Real chocolate is made using cocoa beans, sugar and milk powder, depending on the type of chocolate that is produced.
The cocoa pod, harvested from the cocoa tree, is opened and the beans are taken out. The beans are put to ferment covered with banana tree leaves or in wooden boxes for 4 to 6 days, depending on the cocoa variety. Then, they are left to dry in the sun. After drying, the beans are sent to factories where they are roasted and winnowed (their shell is removed).
The roasted beans are then milled into cocoa mass, which is sometimes called ‘liquor’. This word dates back to the times of alchemists. Indeed, the result of this process was a solid and a liquid phase, called liquor.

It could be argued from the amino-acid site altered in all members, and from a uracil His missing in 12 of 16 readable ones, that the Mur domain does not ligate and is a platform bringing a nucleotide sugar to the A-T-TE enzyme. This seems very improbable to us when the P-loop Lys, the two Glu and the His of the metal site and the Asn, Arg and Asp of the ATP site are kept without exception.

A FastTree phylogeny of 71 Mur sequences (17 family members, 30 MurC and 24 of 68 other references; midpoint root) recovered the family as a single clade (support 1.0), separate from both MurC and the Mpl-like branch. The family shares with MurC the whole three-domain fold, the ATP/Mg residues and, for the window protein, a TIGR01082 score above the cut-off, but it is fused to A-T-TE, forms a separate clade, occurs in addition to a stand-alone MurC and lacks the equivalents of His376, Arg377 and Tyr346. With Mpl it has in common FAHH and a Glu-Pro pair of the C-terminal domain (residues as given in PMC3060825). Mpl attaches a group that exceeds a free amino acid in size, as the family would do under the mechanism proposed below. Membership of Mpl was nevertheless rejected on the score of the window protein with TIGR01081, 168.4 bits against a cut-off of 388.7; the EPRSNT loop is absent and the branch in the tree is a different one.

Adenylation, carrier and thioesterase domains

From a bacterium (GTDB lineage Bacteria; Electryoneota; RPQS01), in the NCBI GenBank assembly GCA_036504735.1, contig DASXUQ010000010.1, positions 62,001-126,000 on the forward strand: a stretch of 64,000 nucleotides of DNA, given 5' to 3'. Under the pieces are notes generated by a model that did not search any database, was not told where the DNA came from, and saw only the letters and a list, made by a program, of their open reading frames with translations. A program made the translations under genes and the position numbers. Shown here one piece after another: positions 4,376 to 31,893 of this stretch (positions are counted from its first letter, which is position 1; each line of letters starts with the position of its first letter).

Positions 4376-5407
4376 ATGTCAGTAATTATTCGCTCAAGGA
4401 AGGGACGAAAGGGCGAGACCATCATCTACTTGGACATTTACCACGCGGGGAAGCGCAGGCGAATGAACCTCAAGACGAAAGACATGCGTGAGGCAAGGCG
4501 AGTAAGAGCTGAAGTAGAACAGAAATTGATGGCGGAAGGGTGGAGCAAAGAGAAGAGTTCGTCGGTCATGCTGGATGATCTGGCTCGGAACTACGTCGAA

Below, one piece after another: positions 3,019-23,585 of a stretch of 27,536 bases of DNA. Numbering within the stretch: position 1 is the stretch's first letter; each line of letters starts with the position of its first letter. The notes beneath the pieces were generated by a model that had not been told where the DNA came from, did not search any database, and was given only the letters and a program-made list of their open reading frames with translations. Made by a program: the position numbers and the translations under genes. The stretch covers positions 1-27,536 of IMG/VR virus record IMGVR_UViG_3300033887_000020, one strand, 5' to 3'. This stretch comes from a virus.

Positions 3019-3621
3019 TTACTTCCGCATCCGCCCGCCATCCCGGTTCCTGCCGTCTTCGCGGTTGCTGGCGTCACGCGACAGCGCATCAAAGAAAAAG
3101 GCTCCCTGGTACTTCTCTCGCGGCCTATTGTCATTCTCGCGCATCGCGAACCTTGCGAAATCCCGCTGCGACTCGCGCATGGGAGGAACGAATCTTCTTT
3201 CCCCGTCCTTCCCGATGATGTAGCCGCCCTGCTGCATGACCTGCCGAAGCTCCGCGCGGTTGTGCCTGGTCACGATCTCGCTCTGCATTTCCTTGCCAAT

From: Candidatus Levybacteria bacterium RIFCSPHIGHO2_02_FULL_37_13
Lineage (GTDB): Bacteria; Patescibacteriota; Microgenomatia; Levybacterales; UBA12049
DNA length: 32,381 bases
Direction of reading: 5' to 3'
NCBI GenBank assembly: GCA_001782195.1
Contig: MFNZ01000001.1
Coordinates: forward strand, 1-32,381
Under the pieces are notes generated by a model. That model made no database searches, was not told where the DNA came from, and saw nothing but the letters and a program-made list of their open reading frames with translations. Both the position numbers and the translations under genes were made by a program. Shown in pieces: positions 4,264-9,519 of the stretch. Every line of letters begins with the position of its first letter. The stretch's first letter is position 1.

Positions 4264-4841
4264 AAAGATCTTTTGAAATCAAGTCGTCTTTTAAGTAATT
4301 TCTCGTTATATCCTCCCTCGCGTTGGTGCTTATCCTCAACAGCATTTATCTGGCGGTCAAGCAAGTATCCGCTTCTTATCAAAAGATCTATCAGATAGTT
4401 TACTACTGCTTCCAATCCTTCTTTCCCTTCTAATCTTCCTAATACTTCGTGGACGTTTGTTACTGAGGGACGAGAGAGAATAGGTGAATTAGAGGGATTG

Part of the cocoa mass is crushed or pressed and this enables the solids (or cocoa powder) to be separated from the cocoa butter. The mass or liquor usually contains approximately half cocoa mass and half cocoa butter. This means that there is 50% cocoa butter in the cocoa bean.